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Sicily, under a good government, might be rendered one of the finest, most productive and commercial countries in the world; but, according to our author, all is now wretchedness and misery. The roads are scarcely passable, even for mules, though no country has better materials, and great sums are levied every year for keeping them in repair, but these, instead of being applied to this purpose, are squandered upon

favorites and spies. Agriculture and commerce are both nego lected, and labor under the most oppressive restrictions.

“Nature is left to herself; no renovation of seed, or assistance to the ground, which, however, is naturally rich; law badly admninistered; the civil, criminal, and minor jurisdictions, bad as can be conceived. The clergy are as despotic as they dare bé; but yoing down, yet still very powerful and profligate-any thing my be had or done in Sicily for money."

In a country of which it can be said, " to paint Sicily properly, it is enough to say, every thing is as it ought not to be," the moral portrait must wear a sombre hue; and such is its distinguishing characteristic. For Lieut. Gen. C. observes,

“That truth, morality, and even hospitality, are out of the Sicilian catalogue. Amongst the better orders, virtue is not respected, morals and even appearances are set at defiance. The higher classes are so far depraved, as not even to mind them." vol. ii. p. 89.

« With the middle and lower orders, though a man will be jealous of his wife, he will not hesitate to sell his sister or his daughter

. The lower Sicilians are also an abstemious people; they do with little food

, but eat any thing, even to the intestines of every animal killed.” vol. í.

“Their great faults arise from their government-ground by oppres sion, and ill-treated, they are dirty in the extreme, indelicate, and ready to sell themselves from their poverty. Most of the peasantry hare arms-a man would not stir three miles without his musket. No individual ever mounts his mule to go a mile from his house without his arms. Whether, like the Turks, they go armed to the plough, I really never thonght of inquiring. If forced to give an opinion, I should certainly say yes; but at all events, if they have not the musket with the plough, I am positive it is at no great distance, and most of them carry poniards and stilettos." vol. j. p. 91.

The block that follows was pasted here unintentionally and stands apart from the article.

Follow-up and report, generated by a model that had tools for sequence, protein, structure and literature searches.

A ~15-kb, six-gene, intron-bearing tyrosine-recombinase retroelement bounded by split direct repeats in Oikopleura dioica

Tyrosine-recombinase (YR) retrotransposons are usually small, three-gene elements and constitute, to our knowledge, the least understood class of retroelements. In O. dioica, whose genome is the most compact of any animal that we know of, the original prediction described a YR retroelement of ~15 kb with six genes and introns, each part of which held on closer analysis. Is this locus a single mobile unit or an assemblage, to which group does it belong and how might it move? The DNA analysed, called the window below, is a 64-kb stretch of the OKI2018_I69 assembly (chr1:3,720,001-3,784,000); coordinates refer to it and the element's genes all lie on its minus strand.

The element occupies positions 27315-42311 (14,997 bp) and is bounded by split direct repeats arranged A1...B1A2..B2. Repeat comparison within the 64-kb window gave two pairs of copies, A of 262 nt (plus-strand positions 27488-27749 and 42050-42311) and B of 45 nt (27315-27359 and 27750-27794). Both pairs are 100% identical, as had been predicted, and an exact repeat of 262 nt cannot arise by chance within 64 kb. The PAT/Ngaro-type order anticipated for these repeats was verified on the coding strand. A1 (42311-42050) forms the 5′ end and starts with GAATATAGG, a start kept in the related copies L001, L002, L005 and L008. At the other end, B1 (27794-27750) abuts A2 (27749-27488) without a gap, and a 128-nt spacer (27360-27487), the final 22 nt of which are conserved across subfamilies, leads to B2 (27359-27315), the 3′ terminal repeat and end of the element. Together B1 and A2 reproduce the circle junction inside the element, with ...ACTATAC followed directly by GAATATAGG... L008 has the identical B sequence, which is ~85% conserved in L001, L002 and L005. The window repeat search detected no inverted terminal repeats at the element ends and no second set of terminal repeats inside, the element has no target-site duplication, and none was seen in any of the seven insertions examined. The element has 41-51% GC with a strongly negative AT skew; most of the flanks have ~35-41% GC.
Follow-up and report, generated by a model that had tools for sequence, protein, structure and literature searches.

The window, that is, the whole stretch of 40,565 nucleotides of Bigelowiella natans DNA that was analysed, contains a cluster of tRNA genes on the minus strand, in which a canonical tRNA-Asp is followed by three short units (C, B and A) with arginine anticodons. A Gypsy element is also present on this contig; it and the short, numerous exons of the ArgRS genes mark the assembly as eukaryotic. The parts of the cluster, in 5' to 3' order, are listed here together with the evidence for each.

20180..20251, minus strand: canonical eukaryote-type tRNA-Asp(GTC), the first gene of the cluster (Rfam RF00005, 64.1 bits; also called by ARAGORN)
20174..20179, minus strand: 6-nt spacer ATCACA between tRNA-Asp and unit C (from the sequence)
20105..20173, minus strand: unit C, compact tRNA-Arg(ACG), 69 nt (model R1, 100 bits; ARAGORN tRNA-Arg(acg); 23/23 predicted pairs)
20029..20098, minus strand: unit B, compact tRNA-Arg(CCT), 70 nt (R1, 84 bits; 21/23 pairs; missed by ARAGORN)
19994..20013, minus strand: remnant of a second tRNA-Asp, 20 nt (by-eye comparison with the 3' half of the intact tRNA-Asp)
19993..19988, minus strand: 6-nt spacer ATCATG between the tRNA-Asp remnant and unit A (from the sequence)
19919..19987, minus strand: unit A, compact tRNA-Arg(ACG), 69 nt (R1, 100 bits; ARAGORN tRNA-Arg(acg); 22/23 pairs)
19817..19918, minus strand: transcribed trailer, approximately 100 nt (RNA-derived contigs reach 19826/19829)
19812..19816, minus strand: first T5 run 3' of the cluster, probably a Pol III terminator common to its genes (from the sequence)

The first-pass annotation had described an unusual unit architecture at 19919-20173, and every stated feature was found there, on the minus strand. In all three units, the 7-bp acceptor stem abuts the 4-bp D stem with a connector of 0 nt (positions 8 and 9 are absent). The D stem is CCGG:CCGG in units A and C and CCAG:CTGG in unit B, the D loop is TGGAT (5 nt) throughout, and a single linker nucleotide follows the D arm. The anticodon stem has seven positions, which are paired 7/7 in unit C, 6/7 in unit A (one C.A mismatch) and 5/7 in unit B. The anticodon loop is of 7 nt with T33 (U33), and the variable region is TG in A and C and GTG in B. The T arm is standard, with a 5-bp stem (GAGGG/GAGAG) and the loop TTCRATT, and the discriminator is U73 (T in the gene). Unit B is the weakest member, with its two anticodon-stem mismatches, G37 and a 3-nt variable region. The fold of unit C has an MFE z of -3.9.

The litigious disposition of the Sicilians is strongly exemplified in the following sentences.

“Notaries are in astonishing abundance. Such is the Sicilian distrust of each other, that they will not have the smallest transaction without : notary, except in the public market. Ii a man buys any thing considerable at a shop, or has any payment to make, a notary must be employed to witness the transaction, and the receipt for the payment.” vol. ii. . 95.


p. 346.




Art. IV. The Flowers of Wit, or a choice collection of Bon

Mots, both ancient and modern; with Biographical and
Critical Remarks. By the Rev. HENRY KETT, Author of
the Elements of General Knowledge; Emily, a Moral Tale,
&c. &c. &c. Two Vols. 12mo. pp. 438. Lackington and

Co. 1814.
Austere and rigid as we are sometimes compelled to be,
we love a joke as well as the most facetious: and it is so
rarely that we meet with any thing very exhilarating in the
way of our professional labors, that we were disposed to give
Mr. Kett a very cordial welcome. We accordingly screwed up
our muscles to an unusual pitch; but our disappointment was
sudden and severe. When we expected to be roaring with
some country club of odd fellows, we actually found ourselves
chopping logic with Aristotle, fighting with Agesilaus, and
listening to the sayings of all the seven wise men of Greece in
alphabetical rotation. We really were terrified.

The most e disastrous of our school days seemed to return in all their hor

rors. We looked again at the title page to see, if by some mistake, the bookseller had not sent us a new Greek Grammar. But on turning to the introduction, we discovered a solution of our difficulties, and found that the production before us was no laughing matter. Our readers cannot imagine our chagrin for they are not reviewers.

The reverend author (now we have read his book we can speak of him with all due gravity) has, we find, included in his idea of wit good things of every description, from puns to dying exhortations. We do not wish to say much about his definition of wit_“ wit is much the same talent as genius." From the examples, however, which he produces, it is plain that many of them are a very different kind of article from that which mankind in general would agree to regard as witty. Extraordinary wit is always genius, but extraordinary genius is not always wit. The excellence of Mr.. Grattan's character of Lord Chatham, of the replies of Thales, and of the sayings of Anacharsis, does not surely arise from their wit. We might as well call Venice Preserved a witty tragedy, or Mr. Kett's Elements of